In addition, TAVR should be performed in a hybrid room with the appropriate surgical armamentarium on stand-by, as recommended by current guidelines.[3,4] This is essential to gain time and increase the survival likelihood, in case of having major peri-procedural complications. As our case was hemodynamically stable following valve migration to the ascending aorta, we preferred to transfer her to the operating room to avoid postoperative infectious issues. In case of unstable or life-threatening conditions, the decision of performing the operation in the catheterization room should be balanced between infectious risks and mortality. Also, in a case series, Sener et al.[5] reported that the performance of TAVR procedures in catheterization rooms, where the sterilization guides are not as strict as they are in operating rooms, is a critical issue for prosthetic valve endocarditis following TAVR.

Although, the rate of major TAVR complications and mechanisms is controversial in the literature, the only common remark in all publications is the higher complication rates, including valve migration during the learning curve period.[6] In our case, based on the peri-procedural fluoroscopy images, we found that the mechanism of the CoreValve® prosthesis migration was incomplete disconnection from the delivery system of the new generation of CoreValve®, which has been recently adopted by our Cardiology Team. Therefore, a specifically trained Cardiology Team for these interventions should manage the patient, and during adoption of new techniques and TAVR valves, even if a former model was used, more vigilance and careful manipulations should be implemented.[7]

On the other hand, BAV is relative contraindication for TAVR, particularly for low surgical risk patients.[8] In registry reviews, patients with BAV who underwent TAVR had much higher risks of paravalvular leakage, malpositioning or migration, perhaps due to their elliptical annular anatomy, irregular (often severe) annular-leaflet calcifications, and possible less holding-wrapping resistance on the implanted valve than in tricuspid aortic valves.[9] Moderate-to-severe paravalvular leakage in BAV patients were more common than non-BAV patients.[9] Mylotte et al.[10] found the moderate-to-severe aortic regurgitation incidence as high as 28.4% in BAV patients, while it was only 9% in CoreValve® pivotal trial, and 12.2% in Partner 1A trial. The annular diameters or working mechanisms of the currently available catheter-based valves may not be always compatible with the calcified and deformed shape of the BAV. Balloon-expandable valves have lower regurgitation rates and, possibly, should be used more often than self-expandable valves to exclude such complications. In addition, Mylotte et al.[10] found almost half the prevalence of significant aortic regurgitation following with balloon expandable (19.6%) than with the selfexpandable (32.2%) valves in BAV patients.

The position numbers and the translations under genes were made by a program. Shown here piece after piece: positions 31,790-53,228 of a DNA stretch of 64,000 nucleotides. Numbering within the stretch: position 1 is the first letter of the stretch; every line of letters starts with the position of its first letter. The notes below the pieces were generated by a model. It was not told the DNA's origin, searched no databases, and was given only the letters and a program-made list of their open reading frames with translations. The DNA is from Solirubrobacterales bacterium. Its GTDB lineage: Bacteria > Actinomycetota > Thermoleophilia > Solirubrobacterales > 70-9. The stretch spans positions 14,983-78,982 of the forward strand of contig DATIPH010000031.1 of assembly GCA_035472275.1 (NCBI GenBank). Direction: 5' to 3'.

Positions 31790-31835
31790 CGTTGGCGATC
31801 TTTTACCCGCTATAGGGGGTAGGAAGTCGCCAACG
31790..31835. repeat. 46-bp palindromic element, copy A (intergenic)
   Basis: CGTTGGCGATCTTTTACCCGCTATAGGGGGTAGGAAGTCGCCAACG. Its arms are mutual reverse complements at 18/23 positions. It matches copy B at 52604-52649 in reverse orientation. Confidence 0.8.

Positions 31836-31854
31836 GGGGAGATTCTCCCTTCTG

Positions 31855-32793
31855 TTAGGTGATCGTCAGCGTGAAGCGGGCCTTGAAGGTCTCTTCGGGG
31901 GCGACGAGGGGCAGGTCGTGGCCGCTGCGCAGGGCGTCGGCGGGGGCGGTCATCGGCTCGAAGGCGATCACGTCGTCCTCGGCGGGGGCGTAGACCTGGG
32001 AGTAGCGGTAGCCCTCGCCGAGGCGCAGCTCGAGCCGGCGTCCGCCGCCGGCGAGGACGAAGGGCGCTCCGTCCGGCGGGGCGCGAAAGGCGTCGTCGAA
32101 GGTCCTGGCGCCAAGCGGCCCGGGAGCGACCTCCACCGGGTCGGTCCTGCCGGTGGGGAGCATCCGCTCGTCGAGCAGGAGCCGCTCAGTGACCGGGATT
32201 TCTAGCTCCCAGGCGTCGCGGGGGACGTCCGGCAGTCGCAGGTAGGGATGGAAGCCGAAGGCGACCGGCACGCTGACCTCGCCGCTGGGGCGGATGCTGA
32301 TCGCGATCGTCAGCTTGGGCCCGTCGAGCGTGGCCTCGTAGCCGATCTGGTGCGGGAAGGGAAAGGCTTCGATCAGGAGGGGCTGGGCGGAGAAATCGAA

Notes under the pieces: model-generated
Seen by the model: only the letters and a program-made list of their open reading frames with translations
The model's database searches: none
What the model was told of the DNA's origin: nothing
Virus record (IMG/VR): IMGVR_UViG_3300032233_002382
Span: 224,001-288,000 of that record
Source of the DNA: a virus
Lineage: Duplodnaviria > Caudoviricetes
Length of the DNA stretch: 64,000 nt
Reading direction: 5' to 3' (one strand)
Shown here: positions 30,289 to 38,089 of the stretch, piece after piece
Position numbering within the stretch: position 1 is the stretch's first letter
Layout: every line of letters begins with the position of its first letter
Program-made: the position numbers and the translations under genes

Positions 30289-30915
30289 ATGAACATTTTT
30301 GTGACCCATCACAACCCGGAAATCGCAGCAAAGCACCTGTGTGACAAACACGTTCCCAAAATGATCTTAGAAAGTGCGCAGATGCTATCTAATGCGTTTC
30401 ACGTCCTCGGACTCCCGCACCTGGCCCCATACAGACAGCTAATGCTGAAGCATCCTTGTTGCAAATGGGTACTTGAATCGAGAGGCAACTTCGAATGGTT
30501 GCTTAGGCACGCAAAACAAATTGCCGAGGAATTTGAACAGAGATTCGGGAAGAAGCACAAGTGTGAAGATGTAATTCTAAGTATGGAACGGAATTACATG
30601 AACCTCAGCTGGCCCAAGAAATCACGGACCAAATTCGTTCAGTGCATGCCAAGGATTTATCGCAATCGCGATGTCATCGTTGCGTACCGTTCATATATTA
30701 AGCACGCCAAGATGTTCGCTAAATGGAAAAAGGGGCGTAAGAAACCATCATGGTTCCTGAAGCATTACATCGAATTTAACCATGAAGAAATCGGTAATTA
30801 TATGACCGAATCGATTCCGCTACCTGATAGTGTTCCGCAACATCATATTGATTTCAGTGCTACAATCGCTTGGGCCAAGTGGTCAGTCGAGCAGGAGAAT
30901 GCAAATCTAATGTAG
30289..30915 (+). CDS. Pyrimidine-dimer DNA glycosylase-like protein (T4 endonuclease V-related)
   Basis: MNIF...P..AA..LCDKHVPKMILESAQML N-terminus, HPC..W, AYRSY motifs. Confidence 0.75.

In conclusion, this report supports the current concept that transcatheter aortic valve replacement is a promising option in high surgical risk patients, although it has still some limitations for low surgical risk patients, particularly those with bicuspid aortic valve. Appropriate selection of patients by the Heart Team and preoperative discussion of possible major complications and interventional plans may save patient’s life in case of lifethreatening complications. However, surgical aortic valve replacement remains standard of care for low surgical risk patients, particularly for those with bicuspid aortic valve.

Declaration of conflicting interests
The authors declared no conflicts of interest with respect to the authorship and/or publication of this article.

The authors received no financial support for the research and/or authorship of this article.


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Keywords : Aortic stenosis; prosthesis failure; surgery; transcatheter aortic valve replacement